Payne was no slouch either, averaging over 30 goals a season until 1985 when he would succumb to injuries. He reached a career high of 42 goals and 85 points in 1982-83 and scored one of the franchise’s biggest goals on April 22nd 1984 – a 4-3 overtime goal in round two game seven vs the Blues to send the team to the Campbell Conference final. Lou Nanne also stated in his book that Payne was the best clutch goal scorer that the franchise ever had.


6. Jarome Iginla11th in 1995

Though never playing a game for the franchise, Iginla still managed to play a huge role in the Stars’ run of dominance. With Gainey feeling the need to give top line center Mike Modano some support from the second line, he sacrificed part of the future and sent Iginla to the Calgary Flames in exchange for veteran center Joe Nieuwendyk. Looking back on Iginla’s stellar career as it creeps closer and closer to it’s tail end, it’s easy to question the deal and wonder what might have been. How would Modano and Iginla have looked playing together on a top line for the last 15+ seasons? Iginla’s 500+ career goals would have looked good being assisted by Modano.

Bob Gainey had a vision for this team and he followed it with precise trades and signings. We can ponder what might have been with Iginla in a Stars uniform all we want, but the one thing we do know is that Nieuwendyk was vital in this team’s Stanley Cup win. Managing to pluck the best player in the draft and a future Hall Of Famer at number eleven makes this a great draft pick. Parlaying it in to a Stanley Cup – which at the end of the day is the ultimate goal –  makes it an even better one.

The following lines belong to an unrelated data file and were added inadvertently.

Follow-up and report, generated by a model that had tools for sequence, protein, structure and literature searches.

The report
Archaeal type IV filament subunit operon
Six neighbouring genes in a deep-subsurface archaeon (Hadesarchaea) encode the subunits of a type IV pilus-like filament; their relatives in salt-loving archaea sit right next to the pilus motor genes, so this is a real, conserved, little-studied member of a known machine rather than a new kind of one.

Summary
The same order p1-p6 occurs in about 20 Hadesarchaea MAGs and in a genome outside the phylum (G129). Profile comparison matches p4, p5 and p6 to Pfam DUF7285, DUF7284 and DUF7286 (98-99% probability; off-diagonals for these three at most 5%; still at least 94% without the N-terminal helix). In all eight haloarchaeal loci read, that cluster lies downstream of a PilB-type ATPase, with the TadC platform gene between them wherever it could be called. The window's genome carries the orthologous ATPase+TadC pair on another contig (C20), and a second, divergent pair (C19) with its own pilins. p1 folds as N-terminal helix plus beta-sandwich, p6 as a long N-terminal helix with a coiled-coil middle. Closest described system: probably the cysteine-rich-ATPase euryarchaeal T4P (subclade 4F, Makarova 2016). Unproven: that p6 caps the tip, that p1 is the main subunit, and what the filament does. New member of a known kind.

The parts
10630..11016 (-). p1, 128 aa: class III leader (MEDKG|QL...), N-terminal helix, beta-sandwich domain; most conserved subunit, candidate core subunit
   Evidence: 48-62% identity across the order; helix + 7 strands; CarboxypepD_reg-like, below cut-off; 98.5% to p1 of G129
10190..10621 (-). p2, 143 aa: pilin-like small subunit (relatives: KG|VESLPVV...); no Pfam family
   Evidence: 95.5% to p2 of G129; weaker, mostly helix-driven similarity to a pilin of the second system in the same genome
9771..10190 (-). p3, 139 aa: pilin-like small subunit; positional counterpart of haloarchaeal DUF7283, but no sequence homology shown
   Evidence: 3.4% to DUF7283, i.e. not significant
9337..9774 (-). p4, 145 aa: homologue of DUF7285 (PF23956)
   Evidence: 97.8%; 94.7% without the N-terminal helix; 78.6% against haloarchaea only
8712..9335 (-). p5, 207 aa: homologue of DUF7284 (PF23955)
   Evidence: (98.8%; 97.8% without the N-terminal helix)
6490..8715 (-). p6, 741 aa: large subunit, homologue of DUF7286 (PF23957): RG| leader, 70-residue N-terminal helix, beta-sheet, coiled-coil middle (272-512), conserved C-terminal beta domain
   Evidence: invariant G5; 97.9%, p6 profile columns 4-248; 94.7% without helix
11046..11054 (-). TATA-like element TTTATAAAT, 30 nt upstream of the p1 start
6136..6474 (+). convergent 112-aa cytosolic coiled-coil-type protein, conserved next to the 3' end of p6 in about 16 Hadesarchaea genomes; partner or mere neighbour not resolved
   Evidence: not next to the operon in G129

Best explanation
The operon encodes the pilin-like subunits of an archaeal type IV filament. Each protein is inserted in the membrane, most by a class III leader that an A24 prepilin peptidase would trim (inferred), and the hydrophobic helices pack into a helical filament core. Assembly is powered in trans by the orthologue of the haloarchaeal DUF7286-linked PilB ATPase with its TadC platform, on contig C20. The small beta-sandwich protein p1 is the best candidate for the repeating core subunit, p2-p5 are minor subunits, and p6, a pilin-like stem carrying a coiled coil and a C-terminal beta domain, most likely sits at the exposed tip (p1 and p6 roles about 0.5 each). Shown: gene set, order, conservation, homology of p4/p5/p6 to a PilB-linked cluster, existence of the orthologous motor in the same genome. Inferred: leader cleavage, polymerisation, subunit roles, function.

7. Brian Bellows – 2nd in 1982

Heading in to the 1982 NHL draft, the North Stars were willing to do what it took to draft high scoring Kitchener Rangers winger Brian Bellows. They made a trade with Detroit earlier to gain the number two pick, and handed over promising young talents Brad Palmer and Dave Donnelly to the owner of the top pick Boston Bruins for “future considerations”. Those future considerations were simply the promise from Sinden and the Bruins to not take Bellows, the widely considered best player in the draft. Sinden was comfortable with the deal, as he was sold on defenseman Gord Kluzak. Injuries stemming from his junior days would ravage Kluzak’s career, neither Plamer or Donnelly would ever amount to much, and Bellows would go on to score 342 goals in 753 regular season games with the franchise.

Bellows’ best season was 1989-90 when he tied Dino Ciccarelli’s club record of 55 goals in a season and came just one point shy of 100, earning a spot on the NHL’s 2nd All-Star Team at left wing in the process. He was huge on the team’s 1991 playoff run as well, leading the team in scoring with 10 goals and 29 points in 23 games. He still holds the franchise record for both goals and points by a left winger in a season as well as all-time.


8. Brenden Morrow25th in 1997

When you can find your future captain with the 25th pick, you’re drafting just fine. When you take in to consideration that he’s played more games and has more career goals;assists;and points than the next 21 players taken in that draft combined, you’re now drafting with excellent precision. Brenden Morrow made his debut in the 1999-00 season when the franchise was defending their first Stanley Cup championship. His jump and grit forced the powers that be in to keeping him around, and even throughout the Stars’ run to their second Cup final in a row he proved he belonged.